Washing the Disciples Feet: A Christological Example of Servant Leadership

Washing the Disciples Feet: A Christological Example of Servant Leadership

 Service is integral to the Christian life. Christ set the example, and the apostles walked it; together they made a roadmap that shows every follower how the people of God are to interpret the instruction “… I say to you, Love your enemies and pray for those who persecute you.”[1] The Lord, as he was about to give his life, set his status as Teacher and Master aside and washed each of the Disciple’s feet; even the Disciple that would betray him. He concluded this act of service with the instructions that emulating his example would result in being “… blessed if you do them”.[2] In using the word do, the Lord was talking about an action; service is something the servant leader does. Kruse elaborates on how action is inherent to the message Jesus was sending in washing the feet of his followers.

Jesus concluded his instruction on this matter with the words Now that you know these things, you will be blessed if you do them. In the matter of rendering service to others, as in all matters related to Christian living, it is one thing to know what we should do; it is another thing to do it. The blessing comes, not with the knowing, but with the doing. Jesus’ teaching at the end of the ‘Sermon on the Mount’ concludes in a similar vein with the parable of the two builders.[3]

The identity of the Christian is devoted service to God, and Christ’s life set the example, the Apostles carried on the work of service after he ascended by living that example of selfless service; this form of devotion defined the Disciples actions, ministries, and their writings.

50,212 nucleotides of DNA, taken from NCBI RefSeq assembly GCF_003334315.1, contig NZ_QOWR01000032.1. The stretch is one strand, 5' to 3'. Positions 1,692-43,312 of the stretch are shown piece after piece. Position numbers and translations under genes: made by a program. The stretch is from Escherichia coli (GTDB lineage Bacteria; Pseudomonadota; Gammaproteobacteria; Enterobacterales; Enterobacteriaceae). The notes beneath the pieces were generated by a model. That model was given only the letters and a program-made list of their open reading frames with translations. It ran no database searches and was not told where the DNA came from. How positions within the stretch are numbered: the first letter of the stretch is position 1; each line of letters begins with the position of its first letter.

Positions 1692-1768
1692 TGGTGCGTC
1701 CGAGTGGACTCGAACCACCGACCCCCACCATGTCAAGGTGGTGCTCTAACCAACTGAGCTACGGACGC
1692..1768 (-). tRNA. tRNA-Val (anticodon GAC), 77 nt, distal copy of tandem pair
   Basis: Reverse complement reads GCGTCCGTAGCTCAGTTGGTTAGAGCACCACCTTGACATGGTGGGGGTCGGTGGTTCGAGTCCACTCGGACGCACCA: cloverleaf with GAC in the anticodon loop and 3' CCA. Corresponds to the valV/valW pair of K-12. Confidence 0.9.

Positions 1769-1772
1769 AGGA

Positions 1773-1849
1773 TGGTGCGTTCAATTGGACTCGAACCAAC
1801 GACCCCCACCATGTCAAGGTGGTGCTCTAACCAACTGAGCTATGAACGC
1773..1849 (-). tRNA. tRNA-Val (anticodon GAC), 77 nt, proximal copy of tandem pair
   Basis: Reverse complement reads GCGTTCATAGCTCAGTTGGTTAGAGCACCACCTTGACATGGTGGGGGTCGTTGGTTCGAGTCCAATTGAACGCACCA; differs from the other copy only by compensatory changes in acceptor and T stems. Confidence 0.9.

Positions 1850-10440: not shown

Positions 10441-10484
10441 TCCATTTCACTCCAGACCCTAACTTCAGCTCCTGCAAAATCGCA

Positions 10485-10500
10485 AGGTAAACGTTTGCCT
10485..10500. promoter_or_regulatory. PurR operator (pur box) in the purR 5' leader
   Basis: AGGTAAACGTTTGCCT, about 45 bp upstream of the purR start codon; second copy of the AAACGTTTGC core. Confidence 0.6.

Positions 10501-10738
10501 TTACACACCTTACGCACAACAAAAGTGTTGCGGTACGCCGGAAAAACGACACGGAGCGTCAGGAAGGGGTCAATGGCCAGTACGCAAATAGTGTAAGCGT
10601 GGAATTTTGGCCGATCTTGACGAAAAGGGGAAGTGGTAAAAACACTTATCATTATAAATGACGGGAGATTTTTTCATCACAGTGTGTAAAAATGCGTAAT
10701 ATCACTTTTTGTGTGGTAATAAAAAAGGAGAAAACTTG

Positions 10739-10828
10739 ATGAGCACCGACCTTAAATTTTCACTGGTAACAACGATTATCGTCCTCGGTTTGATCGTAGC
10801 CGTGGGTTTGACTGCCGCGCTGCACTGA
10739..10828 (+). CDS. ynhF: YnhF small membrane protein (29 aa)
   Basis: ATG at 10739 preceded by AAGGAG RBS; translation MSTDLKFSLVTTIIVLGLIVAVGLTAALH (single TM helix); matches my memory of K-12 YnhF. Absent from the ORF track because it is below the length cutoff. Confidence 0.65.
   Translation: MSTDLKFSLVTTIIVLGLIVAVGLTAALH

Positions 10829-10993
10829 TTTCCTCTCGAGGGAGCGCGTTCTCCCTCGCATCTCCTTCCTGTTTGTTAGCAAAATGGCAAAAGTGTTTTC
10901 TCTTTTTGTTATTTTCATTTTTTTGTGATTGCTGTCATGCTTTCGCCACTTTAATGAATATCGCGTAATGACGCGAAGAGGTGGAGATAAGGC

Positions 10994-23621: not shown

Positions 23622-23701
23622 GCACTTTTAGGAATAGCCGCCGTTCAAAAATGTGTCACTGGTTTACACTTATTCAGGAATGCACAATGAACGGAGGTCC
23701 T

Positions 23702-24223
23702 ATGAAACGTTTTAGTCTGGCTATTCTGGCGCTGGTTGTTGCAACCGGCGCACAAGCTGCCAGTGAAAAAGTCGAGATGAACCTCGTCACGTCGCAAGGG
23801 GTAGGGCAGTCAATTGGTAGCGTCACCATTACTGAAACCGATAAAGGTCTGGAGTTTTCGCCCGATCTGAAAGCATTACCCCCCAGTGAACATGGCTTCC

Christ the Example

Jesus made service central to his mission while he was on the earth. Allen Michael says that seeing Christ’s work in the context of Christ’s faith is “soteriologically necessary.”[4] Christ’s faith is demonstrated by his faithful execution of the mission the Father sent him to do: “Son of Man came not to be served but to serve, and to give his life as a ransom for many.”[5] Christ’s words here are the context for his instructions to the Disciples, “whoever would be first among you must be your slave.”[6] That word slave would permeate the writings of the most prolific New Testament author, Paul, and would serve as, as Michael Joseph Brown tells us, “… a powerful theological function in Pauline rhetoric …”.[7] Jesus did not just do lip service to this concept of service. The night he was to be betrayed the author of John tells us that Jesus, “… knowing that the Father had given all things into his hands …”[8] washed the feet of his Disciples. Being fully aware of these things, Jesus washed his disciples’ feet, “including the feet of the betrayer.”[9] Kruse elaborates,

There is yet something else we need to understand: Jesus knew that the Father had put all things under his power, and that he had come from God and was returning to God. It was knowing God had given him power over all things, and that he had come from God and was returning to God, that Jesus performed the foot washing. Knowing this did not make him think he was above carrying out menial service. Knowing full well who he was, Jesus washed his disciples’ feet.[10]

Jesus’ dedication to the work of his Father was exemplified in this act; he served even those that rejected him.

Service in the Lives of the Apostles

The Disciples, including Paul, were taught by Christ.[11] Understanding how they interpreted the actions and instructions of Christ would be a first-hand method for learning to apply Christ’s intent today. As Christ ascended he left a great commission, make, baptize, and teach, he told his Disciples.[12][13] As the Disciples grew into the role of Apostle, the Disciples learned that service, as exemplified by Christ in foot washing, is a divinely appointed means of continuing sanctification.[14] As the new Apostles set about church planting they did not forget the example of service; for at least some time they even waited tables and saw to all the administrative needs of the new church.[15] In the Act 6 account, the Apostles appoint new men to fill this role of service, and they picked only the best men to do it “… of good repute, full of the Spirit and of wisdom …”[16] The two insights gained are, that service is not the lowly role for the weak new believer, rather it is the role for the strong, wise, and Spirit-filled; moreover, this role is to be passed on. Training the new Christian for service is discipleship.

Service in the Writings of the Apostles